In Agile X1 we developed immaterial pavilions for Adelaide, Delft and Tianjin. In the second Agile X workshop, participants worked closely with the Office for Design and Architecture South Australia (ODASA) to develop the Adelaide pavilion design for the entrance to their offices. It was great to have Tessa Sare and Adam Jack supporting the workshop as UniSA Vacation Research Scholars. A great program for anyone who would like to get real research experience. We also had fabrication support from Matt Murphy and previous Agile X participant Brett Abroe returned as tutor as well as support from Alex Hall and Todd Hislop (also a previous partcipant) at Woods Bagot.
The aim to apply agile design methodologies form computer science into architecture projects was explored in the first workshop. For this one we wanted to be more specific about what an agile design was in this context. To support this we adapted the 12 principles of Agile software development to be appropriate to Architectural design and then tried to apply these in this workshop. They were:
- Satisfy clients by early and continuous delivery of valuable designs.
- Welcome changing requirements, even in late development
- Deliver working designs frequently.
- Facilitate close, daily cooperation between stakeholders and designers.
- Build projects around motivated individuals, and trust them.
- Encourage face-to-face conversation as the best form of communication (co-location).
- Measure progress on working design systems.
- Maintain a constant sustainable pace (avoid burn out).
- Focus on technical excellence and good design.
- Maximise the amount of work not done.
- Support teams to self-organise.
- Reflect continuously on how to become more effective and adjust behaviour accordingly.
The workshop ran over 2 weeks. Different systems decoupled into components. 12 participants divided into 6 teams of which: 2 teams focused on the material systems of the pavilion; 2 focused on the design system; and 2 focused on the fabrication system. The teams had between 1 and 3 people in them. For those with 3, they could nominate a Scrum master. However this designation proved tricky as the Scrum masters were typically participants who had less technical skills. This meant that it was difficult for them to understand the tasks that the rest of the team internalized. It was therefore difficult for the Scrum masters to enforce the scrum. Therefore, in reality it became more of an extreme programming pair programming approach supported by a third participant who was involved in documentation of the solution, development of alternatives and reflection. This suggests as should be expected that there may be different roles to be fulfilled in Agile design.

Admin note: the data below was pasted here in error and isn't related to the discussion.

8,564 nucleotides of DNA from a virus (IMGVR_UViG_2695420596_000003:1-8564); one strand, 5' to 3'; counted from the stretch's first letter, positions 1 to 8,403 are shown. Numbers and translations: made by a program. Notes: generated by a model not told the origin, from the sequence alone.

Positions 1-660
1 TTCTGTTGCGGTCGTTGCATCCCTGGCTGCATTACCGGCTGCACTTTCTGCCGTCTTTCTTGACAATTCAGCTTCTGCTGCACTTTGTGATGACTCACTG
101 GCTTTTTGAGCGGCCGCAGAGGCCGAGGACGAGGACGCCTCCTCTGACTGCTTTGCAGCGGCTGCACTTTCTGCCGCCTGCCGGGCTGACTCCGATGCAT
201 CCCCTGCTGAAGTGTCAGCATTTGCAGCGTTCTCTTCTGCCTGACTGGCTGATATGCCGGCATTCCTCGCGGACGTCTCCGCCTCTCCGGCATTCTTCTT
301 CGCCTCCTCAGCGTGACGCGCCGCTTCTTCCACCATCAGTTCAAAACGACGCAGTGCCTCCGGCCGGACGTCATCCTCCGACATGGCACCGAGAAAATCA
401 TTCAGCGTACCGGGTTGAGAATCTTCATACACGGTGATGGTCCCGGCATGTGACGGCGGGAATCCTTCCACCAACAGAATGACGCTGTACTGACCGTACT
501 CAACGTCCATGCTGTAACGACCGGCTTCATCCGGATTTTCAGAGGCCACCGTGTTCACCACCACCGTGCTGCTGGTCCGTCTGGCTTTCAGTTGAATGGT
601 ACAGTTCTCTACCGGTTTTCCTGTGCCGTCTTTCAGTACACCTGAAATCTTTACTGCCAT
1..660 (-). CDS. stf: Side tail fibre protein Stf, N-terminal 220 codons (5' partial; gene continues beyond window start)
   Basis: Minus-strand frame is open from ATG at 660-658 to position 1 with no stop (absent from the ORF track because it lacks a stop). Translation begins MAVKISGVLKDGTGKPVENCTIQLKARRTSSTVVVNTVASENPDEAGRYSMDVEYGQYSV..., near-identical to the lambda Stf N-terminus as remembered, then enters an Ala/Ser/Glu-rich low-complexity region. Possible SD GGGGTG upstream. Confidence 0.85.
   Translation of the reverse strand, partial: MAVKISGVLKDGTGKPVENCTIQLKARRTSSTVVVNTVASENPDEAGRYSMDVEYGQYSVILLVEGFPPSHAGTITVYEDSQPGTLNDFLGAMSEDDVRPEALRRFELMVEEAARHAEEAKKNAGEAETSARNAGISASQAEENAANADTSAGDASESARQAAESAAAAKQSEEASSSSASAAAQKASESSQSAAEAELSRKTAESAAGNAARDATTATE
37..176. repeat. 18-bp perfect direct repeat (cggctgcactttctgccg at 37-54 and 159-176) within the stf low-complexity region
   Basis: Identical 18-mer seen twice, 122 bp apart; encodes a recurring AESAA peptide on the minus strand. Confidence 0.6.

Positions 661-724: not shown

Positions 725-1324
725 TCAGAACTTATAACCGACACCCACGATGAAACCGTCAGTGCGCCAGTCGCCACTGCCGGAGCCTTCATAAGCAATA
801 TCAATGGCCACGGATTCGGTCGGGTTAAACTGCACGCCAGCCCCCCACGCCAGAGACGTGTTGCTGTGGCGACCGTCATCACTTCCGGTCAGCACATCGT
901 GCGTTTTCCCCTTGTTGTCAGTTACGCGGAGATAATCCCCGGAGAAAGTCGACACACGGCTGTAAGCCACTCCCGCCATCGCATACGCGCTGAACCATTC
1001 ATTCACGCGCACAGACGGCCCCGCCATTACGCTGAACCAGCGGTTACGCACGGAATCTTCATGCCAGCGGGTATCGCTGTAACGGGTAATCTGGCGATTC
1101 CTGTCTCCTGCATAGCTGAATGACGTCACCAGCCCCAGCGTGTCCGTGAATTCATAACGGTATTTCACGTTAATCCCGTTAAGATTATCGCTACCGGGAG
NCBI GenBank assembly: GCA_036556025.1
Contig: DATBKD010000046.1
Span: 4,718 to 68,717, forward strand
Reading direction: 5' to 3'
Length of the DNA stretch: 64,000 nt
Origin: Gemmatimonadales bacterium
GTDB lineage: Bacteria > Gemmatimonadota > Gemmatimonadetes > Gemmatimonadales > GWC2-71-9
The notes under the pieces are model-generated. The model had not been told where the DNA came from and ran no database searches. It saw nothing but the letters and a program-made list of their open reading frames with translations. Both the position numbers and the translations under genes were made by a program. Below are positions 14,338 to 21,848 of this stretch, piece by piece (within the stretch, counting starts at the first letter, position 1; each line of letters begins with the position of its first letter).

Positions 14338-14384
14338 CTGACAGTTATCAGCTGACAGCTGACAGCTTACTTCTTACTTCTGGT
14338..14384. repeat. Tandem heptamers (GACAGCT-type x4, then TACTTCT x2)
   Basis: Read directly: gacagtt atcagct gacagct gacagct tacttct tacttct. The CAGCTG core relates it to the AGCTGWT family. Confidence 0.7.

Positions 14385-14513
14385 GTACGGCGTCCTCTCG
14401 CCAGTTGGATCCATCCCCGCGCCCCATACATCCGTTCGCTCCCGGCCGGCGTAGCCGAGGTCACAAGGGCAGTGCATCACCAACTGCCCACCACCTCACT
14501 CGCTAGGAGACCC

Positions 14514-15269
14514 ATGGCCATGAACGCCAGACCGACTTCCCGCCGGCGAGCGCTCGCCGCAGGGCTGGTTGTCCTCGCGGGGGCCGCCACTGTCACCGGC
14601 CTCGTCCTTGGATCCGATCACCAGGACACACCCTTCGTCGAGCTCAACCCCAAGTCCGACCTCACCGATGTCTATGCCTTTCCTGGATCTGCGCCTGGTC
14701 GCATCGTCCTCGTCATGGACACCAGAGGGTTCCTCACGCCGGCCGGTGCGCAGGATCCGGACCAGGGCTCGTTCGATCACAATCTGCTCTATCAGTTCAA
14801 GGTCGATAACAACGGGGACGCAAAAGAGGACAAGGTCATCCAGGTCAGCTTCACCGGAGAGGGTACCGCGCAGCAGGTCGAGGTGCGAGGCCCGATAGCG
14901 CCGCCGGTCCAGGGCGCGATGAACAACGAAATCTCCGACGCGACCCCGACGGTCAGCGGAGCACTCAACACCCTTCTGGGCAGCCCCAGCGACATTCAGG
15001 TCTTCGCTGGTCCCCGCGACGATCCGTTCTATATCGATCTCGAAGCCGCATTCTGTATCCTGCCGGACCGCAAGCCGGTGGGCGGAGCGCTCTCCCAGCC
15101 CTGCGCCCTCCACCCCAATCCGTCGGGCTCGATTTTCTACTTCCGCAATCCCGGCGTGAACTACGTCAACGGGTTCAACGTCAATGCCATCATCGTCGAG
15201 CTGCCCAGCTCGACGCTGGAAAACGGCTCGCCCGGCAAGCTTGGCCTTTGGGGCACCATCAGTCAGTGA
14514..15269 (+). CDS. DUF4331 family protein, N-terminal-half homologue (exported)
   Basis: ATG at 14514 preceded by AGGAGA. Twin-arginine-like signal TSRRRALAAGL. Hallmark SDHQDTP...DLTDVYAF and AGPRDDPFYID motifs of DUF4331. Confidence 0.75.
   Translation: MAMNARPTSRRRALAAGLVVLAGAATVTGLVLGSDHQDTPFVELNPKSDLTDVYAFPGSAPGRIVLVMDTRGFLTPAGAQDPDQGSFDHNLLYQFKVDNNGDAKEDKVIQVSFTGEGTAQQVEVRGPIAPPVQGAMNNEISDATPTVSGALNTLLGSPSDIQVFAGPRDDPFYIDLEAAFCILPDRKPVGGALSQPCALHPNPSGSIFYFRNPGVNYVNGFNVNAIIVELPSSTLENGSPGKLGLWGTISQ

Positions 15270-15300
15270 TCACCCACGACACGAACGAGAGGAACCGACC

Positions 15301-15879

Prototyping and testing was a really important part of the workshop and helped us to assess and develop our ideas.
The teams self-organised (AP11) into three teams to support the material, design, tessellation and fabrication (numbering) systems. AX2 showed that whilst the extreme programming (a subset of agile development) concept ‘pair programming’ worked well, that ‘scrum managers’ were less well received by the architecture students. They produced working systems (AP7) although they struggled to link these systems together. This should be a focus in future workshops. The team performed well on adaptation to changing requirements and where able to significantly adapt the final design ‘on the fly’ in the final presentation to changes in requirements of the client (AP2). The teams self-organized (AP11) around motivated individuals (AP5) were co-located (AP6) collaborated closely (AP4), maintained a constant, sustainable and fast pace (AP8) to deliver design frequently (AP3) that were valuable to the client (AP1). Interestingly in this workshop some of the technical excellence was provided to the participants by the tutors, however we feel this is important as it means that the tutors are part of the team (AP9).
One group chose to continue to work on the system following the workshop and produced the prototype shown below.